At the baseline visit, urine samples were tested for Neisseria gonorrhoeae and Chlamydia trachomatis infections by PCR-based methods (Roche Diagnostics, Basel, Switzerland). Serum specimens were tested for herpes simplex virus type 2 (HSV-2) antibody (Kalon Biological, Aldershot, UK).
Inclusion criteria required men to be enrolled in the control arm of the RCT, have HPV DNA results available from the baseline and 6-month visits, and remain uncircumcised until the 6-month visit. Of 1393 uncircumcised men enrolled in the control arm, 1140 had an HPV test result at baseline, of which 972 also had an HPV result from the 6-month visit. Of these, 966 men remained uncircumcised until the 6-month visit and were included in analyses. HPV prevalence at baseline and IRs for HPV detected over the 12-month follow-up period were estimated for individual HPV types and for specific HPV type groupings (eg, any HPV, high-risk HPV). An incident, or acquired, infection was defined as detection of a type-specific HPV infection during follow-up that was not present at baseline.
The time at risk of acquiring an incident HPV infection at either anatomical site was estimated assuming the incident infection was acquired at the midpoint between the last HPV-negative result and first HPV-positive result. Participants were censored at their last visit prior to circumcision if they were circumcised before their 12-month visit or at their last study visit if they remained HPV-negative. IR estimates for each HPV type or type grouping were estimated only among participants who were negative for the given individual type or grouping at baseline. Men with multiple HPV types were considered to have a high-risk HPV infection if ≥1 high-risk types were detected and a low-risk infection if only low-risk types were detected. Acquisition of multiple high-risk HPV types at the same visit was considered a single acquisition event. Men with untyped HPV infections were excluded from high-risk and low-risk categorisations unless a high-risk type was concurrently detected. IR analyses were repeated for any, high-risk and low-risk HPV for the glans and shaft specimens separately. Confidence intervals (CIs) for IRs were estimated by modelling the number of incident HPV infections as a Poisson variable.6 ,23 Hazard ratios (HRs) comparing IRs for high-risk versus low-risk HPV infections and for glans versus shaft infections were estimated using the Wei–Lin–Weissfeld method to adjust for correlated data within subjects.24
HRs and corresponding 95% CIs for potential risk factors of HPV incidence, among men who were HPV negative at baseline, were estimated via age-adjusted parametric frailty models assuming a Weibull distribution and allowing one man to contribute >1 incident infection to analyses.25 HPV infections were right censored if they were not detected during follow-up. All other HPV infections were interval censored with the upper limit of the interval corresponding to the visit the infection was first detected and the lower limit corresponding to the last visit where the infection was absent. Multivariate parametric frailty models were used to estimate adjusted HRs and 95% CIs. The full multivariate model included age (≤19, 20–21, ≥22 years), condom use in the last 6 months and education, believed a priori to be variables of interest, and variables with significant marginal associations for HPV incidence (employment status, bathing frequency and number of sexual partners in the past 12 months (≤1, ≥2 partners)). The final multivariate model included age and variables remaining significant in the multivariate model after a backwards elimination process. Statistical significance was determined by likelihood ratio tests. Age-adjusted and final multivariate models were then estimated using high-risk HPV incidence as the outcome.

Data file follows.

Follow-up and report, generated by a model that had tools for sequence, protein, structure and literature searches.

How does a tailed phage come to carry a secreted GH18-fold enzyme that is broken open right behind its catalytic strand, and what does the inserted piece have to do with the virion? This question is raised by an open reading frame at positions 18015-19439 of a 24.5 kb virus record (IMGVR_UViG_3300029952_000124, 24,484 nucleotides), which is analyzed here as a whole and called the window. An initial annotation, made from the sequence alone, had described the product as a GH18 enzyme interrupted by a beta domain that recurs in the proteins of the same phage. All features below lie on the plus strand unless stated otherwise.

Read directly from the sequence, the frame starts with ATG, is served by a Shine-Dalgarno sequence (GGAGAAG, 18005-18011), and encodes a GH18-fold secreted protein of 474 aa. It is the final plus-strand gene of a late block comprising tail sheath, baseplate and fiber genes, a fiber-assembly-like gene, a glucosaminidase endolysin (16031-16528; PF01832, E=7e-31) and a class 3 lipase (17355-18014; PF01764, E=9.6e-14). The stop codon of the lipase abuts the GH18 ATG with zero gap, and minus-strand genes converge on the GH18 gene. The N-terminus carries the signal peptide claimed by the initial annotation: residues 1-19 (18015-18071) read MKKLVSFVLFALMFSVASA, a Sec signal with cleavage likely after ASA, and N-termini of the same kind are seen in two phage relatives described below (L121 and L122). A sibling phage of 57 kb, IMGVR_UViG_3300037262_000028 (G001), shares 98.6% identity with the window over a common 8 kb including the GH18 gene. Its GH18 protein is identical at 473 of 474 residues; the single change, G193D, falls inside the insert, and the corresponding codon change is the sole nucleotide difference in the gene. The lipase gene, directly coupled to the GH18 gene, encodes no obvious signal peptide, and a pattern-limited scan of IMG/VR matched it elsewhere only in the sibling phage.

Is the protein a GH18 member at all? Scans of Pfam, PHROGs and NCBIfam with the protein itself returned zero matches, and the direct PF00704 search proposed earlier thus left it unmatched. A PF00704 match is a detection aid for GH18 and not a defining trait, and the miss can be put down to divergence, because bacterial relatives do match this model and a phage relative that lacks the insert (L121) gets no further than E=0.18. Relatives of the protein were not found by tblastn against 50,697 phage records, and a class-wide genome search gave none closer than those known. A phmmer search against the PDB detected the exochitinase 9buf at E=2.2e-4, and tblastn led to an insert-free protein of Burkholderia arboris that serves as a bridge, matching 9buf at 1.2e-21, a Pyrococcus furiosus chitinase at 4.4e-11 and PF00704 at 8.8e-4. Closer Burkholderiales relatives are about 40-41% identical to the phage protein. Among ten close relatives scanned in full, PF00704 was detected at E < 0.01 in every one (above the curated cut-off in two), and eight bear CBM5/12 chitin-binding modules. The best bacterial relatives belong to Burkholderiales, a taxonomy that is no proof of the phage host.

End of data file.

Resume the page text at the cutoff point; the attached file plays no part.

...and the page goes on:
β-Globin positivity in the glans and shaft specimens was 57.7% and 36.0% at baseline, 57.9% and 35.8% at the 6-month visit, and 68.3% and 46.3% at the 12-month visit, respectively. Results did not differ substantially when analyses were restricted to β-globin-positive samples; thus, reported analyses used HPV DNA data from all penile exfoliated cell specimens unless otherwise stated.
The median age of the 966 participating men at enrolment was 20 years (range 17–24) (table 1). Most men did not live with their sexual partner at baseline (94.6%) and had at least a secondary education (63.6%). No participant reported having a male sexual partner. Approximately a quarter (25.8%) of men reported never using a condom in the past 6 months. The prevalence of HSV-2 seropositivity was 26.5%, with Chlamydia trachomatis (4.0%) and Neisseria gonorrhoeae (1.6%) laboratory-diagnosed infections being less common.
Overall baseline prevalence of HPV infection was 50.1%, with multiple HPV infections found among 29.0% of participants (table 2). High-risk and low-risk HPV infections were detected in 37.5% and 10.6% of participants, respectively, at baseline. The four most common HPV types were HPV16 (9.9%), 56 (6.3%), 67 (5.8%) and 52 (5.4%) within single or multiple infections. All other known HPV types detected had a prevalence of <5%.
The median time of study follow-up was 12.1 months (interquartile range (IQR) 0.5), including 65 (7%) of men who had two visits and 901 (93%) with three visits. The median time between study visits was 6.1 months (IQR 0.4) from baseline to the 6-month visit, and 6.0 months (IQR 0.2) from the 6- to 12-month visits.
The IR of any HPV infection was 49.3/1000 person-months for the first HPV type detected at either the glans or shaft (table 2). Incident infections of multiple HPV types were common with an incidence of 24.3/1000 person-months. The IR of high-risk HPV was higher than low-risk HPV (HR=1.6; 95% CI 1.3 to 2.0). The individual types with the highest IRs in either single or multiple infections were HPV16 (10.9/1000 person-months), HPV35 (6.0/1000 person-months), HPV JC9710 (6.0/1000 person-months) and HPV56 (5.5/1000 person-months). All other HPV types had IRs ≤5.0/1000 person-months.